The number of bears I have seen this year — and seen evidence of around my house — gives testimony to our vibrant and growing black bear population.
Vermont’s black bear population is estimated at 7,000 to 8,500 based on 2022 data, the most recent available, according to the Vermont Fish and Wildlife Department.
Sometime — likely between 3,000 and 2,500 years ago — a Hebrew poet wrote a beautiful nature poem that has, thankfully, managed to survive the centuries, and has come to modern readers as Psalm 104. I say “thankfully” because for many years this ancient p … (read more)
I never have — and with complete confidence can say I never will — be seen “Dancing with the Stars.” As for dancing with the bears, however, that’s another story.
According to the Vermont Fish and Wildlife Department, many people are having problems with bears looking for food near their homes, and with the food scrap ban in effect the department is providing tips for people who are composting at home so they can a … (read more)
The Vermont Fish and Wildlife Department is increasing outreach efforts to encourage Vermont residents and visitors to get ahead of an anticipated jump in bear conflicts this June.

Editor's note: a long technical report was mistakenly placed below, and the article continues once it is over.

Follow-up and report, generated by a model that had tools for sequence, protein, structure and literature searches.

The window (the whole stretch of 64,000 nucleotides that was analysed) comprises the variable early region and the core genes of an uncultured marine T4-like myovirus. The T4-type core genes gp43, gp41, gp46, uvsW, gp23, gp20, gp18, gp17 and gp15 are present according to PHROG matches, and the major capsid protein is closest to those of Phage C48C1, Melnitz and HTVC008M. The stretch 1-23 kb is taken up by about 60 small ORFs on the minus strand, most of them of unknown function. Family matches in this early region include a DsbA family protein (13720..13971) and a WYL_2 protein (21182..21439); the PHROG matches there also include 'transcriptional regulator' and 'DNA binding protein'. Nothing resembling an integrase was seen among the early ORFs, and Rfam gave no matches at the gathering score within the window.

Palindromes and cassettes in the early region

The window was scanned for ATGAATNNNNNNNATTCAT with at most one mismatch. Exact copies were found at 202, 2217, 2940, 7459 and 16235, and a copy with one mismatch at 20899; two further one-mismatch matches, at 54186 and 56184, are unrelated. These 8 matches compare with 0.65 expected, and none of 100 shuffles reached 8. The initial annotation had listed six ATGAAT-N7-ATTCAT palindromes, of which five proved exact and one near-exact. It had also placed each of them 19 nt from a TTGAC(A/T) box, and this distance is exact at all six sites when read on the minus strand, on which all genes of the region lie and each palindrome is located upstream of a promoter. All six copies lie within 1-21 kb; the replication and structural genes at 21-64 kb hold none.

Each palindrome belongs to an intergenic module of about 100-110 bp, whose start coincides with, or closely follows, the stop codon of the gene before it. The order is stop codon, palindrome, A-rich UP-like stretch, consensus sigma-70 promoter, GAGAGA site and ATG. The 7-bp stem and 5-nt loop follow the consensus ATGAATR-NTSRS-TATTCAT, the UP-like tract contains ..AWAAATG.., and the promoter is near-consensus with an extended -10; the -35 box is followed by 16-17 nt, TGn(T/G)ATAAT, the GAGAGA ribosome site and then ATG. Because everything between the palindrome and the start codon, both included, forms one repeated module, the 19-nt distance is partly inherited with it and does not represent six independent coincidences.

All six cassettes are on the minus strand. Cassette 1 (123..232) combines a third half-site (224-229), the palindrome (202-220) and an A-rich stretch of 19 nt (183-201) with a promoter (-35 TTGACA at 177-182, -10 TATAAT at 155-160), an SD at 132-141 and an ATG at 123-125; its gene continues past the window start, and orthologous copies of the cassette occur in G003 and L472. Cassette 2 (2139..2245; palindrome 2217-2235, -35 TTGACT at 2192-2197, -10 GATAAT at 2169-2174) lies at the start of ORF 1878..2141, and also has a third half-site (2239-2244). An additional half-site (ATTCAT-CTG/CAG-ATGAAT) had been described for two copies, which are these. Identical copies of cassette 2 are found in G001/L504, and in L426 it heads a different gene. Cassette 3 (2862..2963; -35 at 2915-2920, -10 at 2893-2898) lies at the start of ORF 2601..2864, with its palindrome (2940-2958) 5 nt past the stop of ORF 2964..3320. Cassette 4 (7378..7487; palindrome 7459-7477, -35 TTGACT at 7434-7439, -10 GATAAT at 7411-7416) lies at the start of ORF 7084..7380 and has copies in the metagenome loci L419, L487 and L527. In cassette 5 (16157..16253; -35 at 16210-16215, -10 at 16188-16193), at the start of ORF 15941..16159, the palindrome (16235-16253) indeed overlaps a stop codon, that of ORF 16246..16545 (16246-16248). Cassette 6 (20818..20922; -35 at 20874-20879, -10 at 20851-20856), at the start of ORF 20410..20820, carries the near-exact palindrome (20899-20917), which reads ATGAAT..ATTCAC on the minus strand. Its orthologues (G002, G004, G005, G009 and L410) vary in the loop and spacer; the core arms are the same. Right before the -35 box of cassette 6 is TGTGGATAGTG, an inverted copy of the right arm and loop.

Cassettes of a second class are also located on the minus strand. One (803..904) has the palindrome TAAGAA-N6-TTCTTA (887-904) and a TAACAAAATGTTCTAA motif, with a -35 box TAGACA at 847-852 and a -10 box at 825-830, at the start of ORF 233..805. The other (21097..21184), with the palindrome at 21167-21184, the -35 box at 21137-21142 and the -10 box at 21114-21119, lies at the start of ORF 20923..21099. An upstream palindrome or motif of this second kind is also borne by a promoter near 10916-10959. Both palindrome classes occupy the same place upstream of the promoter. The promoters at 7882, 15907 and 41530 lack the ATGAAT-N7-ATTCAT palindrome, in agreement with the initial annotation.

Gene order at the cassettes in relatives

In response to the June 8 article about the minors who illegally shot and killed a mother bear: Why do children have guns?
I was horrified to read that a group of minors shot and killed a mother bear, leaving her orphaned cub on its own before it was thankfully rescued and sent to a rehabilitator.
An orphaned, black bear cub was rescued in the Bristol area after a group of local minors shot and killed the bear’s mother on Memorial Day.
Human-wildlife conflict poses a major challenge for the conservation of carnivore species globally.
The Vermont Fish and Wildlife Department says bear hunting season starts in September and reminds hunters about the bear hunting regulations.
High-risk bear conflicts such as home and vehicle entries are being reported more frequently this summer than in previous years, according to the Vermont Fish and Wildlife Department.
Making your own compost is an eco-friendly and rewarding way to manage your food waste. But what can you do if your compost bin is being raided by wildlife?
The Vermont Fish and Wildlife Department says many people are having problems with bears looking for food near their homes, and with the food scrap ban in effect the department is providing tips for people who are composting at home so they can avoid attr … (read more)
The Vermont Fish and Wildlife Department is receiving reports this spring from across the state of black bears seeking food in yards, outbuildings and livestock enclosures, and the department urges Vermonters to take proactive steps for safely coexisting … (read more)